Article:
This past Sunday, March 21, The Technology Awareness Group (TAG), in conjunction with the Chazaq Organization, visited the Kew Gardens Hills neighborhood where technicians offered filtering services as a community service for computers, smartphones, laptops, tablets, and many other digital devices. TAG experts install applications that either block or filter the devices, enabling their users to retain sacred Jewish values. The specialists are keen to filter all devices from Androids to iPhones and tablets to iPads, or computers like laptops or Macs. “We will even remove the browser from a 4G flip-phone,” explained the tech. Founded in 2014, the group now boasts 50 offices in 16 countries that are staffed by over 400 volunteers and staff. TAG has cemented itself as an international leader in the industry of “koshering” an electronic device.

The Sunday evening event brought the signature TAG Mobile truck to the front of the Chazaq office at Main Street and Jewel Avenue. “It was a privilege to host TAG outside of our office,” said Robbie Aboff, Chazaq’s events coordinator. “Those who visited the vehicle became aware of the potential pitfalls and dangers associated with technological devices and were provided up-to-date and reliable filtering services utilizing the most advanced resources available.”

While the technicians did not try to convince device owners to remove apps, they did shed light onto areas of probable harm. “Telegram is very problematic,” I was told by my wonderful tech. When WhatsApp announced changes, users sought to learn if options like Telegram and Signal were practical replacements. Again, I was told, “The short answer is no. The long answer is also no.” Further research revealed that WhatsApp and Signal share nearly identical terms and conditions related to privacy, and a switch would not have a desired effect.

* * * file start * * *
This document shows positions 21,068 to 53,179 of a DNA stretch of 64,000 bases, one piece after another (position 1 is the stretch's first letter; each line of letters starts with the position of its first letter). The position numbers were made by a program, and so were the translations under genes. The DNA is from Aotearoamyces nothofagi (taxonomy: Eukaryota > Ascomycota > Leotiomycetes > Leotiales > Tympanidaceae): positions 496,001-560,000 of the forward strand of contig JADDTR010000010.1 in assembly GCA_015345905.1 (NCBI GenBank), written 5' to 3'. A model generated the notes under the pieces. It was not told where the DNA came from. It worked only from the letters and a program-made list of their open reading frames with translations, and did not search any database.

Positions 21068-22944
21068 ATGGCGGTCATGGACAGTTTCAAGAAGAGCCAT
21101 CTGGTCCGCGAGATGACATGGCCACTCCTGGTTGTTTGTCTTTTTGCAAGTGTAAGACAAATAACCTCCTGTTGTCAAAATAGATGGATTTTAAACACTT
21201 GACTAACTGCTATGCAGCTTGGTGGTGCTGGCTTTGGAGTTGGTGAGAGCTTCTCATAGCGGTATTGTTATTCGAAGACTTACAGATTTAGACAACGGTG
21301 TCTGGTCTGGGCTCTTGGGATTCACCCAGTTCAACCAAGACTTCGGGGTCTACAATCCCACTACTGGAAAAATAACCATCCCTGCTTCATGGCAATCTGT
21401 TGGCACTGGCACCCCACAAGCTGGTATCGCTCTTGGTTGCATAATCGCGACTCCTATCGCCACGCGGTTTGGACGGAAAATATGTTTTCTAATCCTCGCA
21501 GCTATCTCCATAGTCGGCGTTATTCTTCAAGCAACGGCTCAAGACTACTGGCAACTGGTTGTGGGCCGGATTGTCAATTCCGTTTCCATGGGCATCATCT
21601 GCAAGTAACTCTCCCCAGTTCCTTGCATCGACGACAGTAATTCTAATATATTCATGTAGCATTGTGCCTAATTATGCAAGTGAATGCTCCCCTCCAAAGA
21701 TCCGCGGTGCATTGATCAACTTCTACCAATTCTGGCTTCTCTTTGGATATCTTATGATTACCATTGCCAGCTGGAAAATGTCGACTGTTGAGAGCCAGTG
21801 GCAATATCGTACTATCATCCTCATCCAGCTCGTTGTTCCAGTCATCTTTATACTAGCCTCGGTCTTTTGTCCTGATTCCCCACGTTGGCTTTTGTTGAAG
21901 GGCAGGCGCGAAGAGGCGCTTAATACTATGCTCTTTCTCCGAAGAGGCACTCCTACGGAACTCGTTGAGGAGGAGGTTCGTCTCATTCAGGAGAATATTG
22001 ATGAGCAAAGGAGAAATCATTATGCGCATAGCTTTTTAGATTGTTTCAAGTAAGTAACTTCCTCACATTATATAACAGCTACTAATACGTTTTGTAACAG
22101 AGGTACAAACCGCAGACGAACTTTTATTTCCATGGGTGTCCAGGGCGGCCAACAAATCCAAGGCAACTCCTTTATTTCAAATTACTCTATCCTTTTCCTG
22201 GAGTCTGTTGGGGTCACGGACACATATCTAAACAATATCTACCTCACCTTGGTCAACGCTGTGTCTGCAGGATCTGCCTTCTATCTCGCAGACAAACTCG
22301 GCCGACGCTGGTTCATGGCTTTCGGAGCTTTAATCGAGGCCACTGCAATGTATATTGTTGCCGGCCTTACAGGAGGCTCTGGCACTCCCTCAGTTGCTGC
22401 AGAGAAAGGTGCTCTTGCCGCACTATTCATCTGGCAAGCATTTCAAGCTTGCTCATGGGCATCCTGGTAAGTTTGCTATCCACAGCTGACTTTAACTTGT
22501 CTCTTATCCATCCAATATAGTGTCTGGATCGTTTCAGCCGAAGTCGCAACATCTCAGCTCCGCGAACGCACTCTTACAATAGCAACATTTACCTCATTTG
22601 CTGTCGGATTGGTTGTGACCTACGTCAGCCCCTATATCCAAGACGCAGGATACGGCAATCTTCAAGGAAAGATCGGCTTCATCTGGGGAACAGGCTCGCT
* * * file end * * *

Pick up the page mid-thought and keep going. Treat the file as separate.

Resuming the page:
Telegram poses a strong threat to the frum world. The app is a free-for-all with an “open to the public” philosophy. The app allows one to search for groups to join, and morphs their unclean content with misleading titles that lead one to believe they are joining a clean group. One can easily join a group promoting the sale of illegal drugs, adult content, and other dark Web content. Even if one is trying to avoid joining such groups, they can mistakenly end up joining these groups – a catastrophe for a frum individual. The app also has a nearby feature that allows one to locate people in their area. This, as well, can have undesired and devastating effects. Lastly, the app promotes the transfer of large files. This danger has been noted by leading rabbanim who fear such a feature encourages uncensored material to be easily shared. Although this concern might seem farfetched, it has unfortunately become a reality; the threat to the Torah world is real.

TAG gives two options and works with clients to choose the most appropriate device-filtering coverage. Netspark’s patented real-time content-filtering will seamlessly prevent unwanted content on all your devices, using a simple, advanced filtering solution that can customize one’s Internet experience to enjoy browsing with peace of mind. Netspark also offers screen time management, where you can schedule break and set limits. At the event, one gentleman already had a computer with Netspark installed, and now came with another computer that he hoped to protect for a different child. He was also engaged in a telephone conversation with a friend from shul, explaining the benefits and flexibility to keep his family safe when online.

I was advised to install GenTech Solutions app on the device I brought in, as their powerful filter system and its use of artificial intelligence would best keep my mobile device continually safe and secure. GenTech can remove unwanted content while leaving the device operator with a streamlined, efficient, clean, safe user experience.

To TAG your device dial, 718-CALL-TAG. To host a TAG event at your shul or venue of choice, reach out to This email address is being protected from spambots. You need JavaScript enabled to view it..

By Shabsie Saphirstein